Now thistles bloom. Their pink-purple flowers are an emblem of the greatness of growth and the strength of life in early autumn. They are part of a Landscape which includes the first scarlet buckeye leaf at the edge of the woods, part of the dark green depth of the oak leaves, part of that stamina characteristic of summer plants which grow in hot sunshine and dry soil. They must be strong to withstand a beating sun and a degree of hot humidity which is part of summer in the Mississippi valley.
Cirsium discolor ( Muhl. ) Sprcng.
Late Summer - Autumn Fields, roadsides.
Around the pasture pond the thistle blossoms attract bumblebees which come buzzing in basso to visit the white, pollen-tipped stamens and probe deeply into the nectaries of thistle honey. The thistle butterfly (Vanessa cardui) perhaps laid eggs upon these spiny leaves. Upon them now the caterpillars feed, form chrysalids, emerge as brown and golden-patterned butterflies which sip the thistle nectar.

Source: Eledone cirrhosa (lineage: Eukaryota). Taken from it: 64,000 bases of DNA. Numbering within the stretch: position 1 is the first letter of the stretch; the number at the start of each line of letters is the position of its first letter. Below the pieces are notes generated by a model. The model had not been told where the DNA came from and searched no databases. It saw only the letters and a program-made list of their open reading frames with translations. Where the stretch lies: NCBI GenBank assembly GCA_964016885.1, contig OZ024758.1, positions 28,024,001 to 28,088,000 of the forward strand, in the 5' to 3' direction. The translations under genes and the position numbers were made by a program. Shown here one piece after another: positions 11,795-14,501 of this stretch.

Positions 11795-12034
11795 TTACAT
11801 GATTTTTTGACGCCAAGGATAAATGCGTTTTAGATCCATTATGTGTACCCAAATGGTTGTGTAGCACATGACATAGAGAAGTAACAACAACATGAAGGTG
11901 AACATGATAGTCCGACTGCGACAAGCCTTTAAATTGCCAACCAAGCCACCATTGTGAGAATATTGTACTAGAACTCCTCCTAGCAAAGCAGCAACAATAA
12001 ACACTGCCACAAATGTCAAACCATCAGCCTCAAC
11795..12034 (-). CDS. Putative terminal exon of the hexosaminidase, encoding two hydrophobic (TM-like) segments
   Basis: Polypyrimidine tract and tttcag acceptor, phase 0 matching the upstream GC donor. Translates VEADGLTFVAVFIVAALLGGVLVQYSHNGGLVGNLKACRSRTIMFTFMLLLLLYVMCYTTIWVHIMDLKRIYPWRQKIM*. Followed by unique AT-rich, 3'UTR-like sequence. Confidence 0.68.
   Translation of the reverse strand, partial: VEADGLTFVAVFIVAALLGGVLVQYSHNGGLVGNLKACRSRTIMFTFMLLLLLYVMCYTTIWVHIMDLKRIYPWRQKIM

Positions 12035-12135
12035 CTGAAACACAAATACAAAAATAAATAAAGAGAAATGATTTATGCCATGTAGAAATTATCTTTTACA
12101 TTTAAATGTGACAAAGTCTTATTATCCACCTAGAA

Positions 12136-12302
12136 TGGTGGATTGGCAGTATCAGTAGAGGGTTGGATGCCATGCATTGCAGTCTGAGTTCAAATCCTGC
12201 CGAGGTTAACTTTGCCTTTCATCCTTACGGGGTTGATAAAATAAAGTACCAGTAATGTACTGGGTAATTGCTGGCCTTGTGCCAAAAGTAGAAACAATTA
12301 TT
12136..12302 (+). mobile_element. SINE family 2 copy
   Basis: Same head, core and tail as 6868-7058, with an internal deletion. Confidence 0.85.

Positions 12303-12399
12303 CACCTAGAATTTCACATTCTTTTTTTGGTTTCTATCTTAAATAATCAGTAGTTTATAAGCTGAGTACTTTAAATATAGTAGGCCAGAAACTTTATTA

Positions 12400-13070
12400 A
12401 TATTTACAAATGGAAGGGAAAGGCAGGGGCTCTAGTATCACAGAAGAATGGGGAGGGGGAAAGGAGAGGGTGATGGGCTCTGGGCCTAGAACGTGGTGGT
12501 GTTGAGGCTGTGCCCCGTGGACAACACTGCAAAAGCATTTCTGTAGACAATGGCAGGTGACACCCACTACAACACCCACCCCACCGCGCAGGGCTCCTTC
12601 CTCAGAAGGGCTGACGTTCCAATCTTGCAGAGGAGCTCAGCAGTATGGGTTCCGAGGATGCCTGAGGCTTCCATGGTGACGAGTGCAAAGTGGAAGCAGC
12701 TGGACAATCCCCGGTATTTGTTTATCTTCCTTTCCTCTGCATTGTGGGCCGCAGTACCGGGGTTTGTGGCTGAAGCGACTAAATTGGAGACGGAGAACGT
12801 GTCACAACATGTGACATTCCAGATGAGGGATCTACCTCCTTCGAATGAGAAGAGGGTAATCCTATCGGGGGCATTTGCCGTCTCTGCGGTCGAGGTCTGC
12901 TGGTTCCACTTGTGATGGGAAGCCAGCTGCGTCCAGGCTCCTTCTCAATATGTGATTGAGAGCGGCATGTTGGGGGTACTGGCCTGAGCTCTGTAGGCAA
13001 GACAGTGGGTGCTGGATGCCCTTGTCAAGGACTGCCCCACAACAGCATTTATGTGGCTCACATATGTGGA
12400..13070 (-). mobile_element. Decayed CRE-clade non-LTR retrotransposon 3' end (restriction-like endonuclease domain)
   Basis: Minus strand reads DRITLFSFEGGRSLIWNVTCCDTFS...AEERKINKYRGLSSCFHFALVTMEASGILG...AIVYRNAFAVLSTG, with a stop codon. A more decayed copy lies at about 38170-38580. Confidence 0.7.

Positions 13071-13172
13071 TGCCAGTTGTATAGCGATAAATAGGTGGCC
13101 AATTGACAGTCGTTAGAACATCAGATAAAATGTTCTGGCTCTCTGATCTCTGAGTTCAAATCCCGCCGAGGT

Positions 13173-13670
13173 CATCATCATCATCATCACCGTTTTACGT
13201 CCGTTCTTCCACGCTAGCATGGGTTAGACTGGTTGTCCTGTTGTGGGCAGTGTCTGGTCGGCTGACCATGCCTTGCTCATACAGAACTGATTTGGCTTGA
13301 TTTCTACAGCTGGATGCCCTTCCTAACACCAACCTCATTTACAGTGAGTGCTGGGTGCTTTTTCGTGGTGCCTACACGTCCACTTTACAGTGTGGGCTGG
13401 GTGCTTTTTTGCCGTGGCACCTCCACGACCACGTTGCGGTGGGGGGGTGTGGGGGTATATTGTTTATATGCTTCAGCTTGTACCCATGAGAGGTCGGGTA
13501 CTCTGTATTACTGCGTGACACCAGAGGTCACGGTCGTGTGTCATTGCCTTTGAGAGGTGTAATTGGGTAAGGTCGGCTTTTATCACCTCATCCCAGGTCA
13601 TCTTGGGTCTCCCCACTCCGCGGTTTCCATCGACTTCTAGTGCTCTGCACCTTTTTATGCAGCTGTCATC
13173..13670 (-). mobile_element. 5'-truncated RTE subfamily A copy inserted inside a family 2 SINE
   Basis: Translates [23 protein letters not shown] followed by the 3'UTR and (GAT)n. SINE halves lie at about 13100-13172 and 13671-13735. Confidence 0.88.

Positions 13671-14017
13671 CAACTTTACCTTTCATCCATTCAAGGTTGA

Goldfinches in bounding black and yellow flight dart singing into the thistles. Already the earlier blooms have formed fluff-topped seeds, and these the goldfinches eat. They neatly snip off the meaty seeds and allow the silks to go floating off across the countryside. Perhaps in the thistles, too, there is a goldfinch nest lined with thistle down. Within the thorny fortress the goldfinch nest was safe.
This is the thistle and its late summer-early autumn environment, its part in the end of the growing season and the approach of winter. The insects and birds, the sunshine and wind and rain, which are part of the thistle's existence, also are part of that complex life which is in Illinois and the flowers which upholster it with color.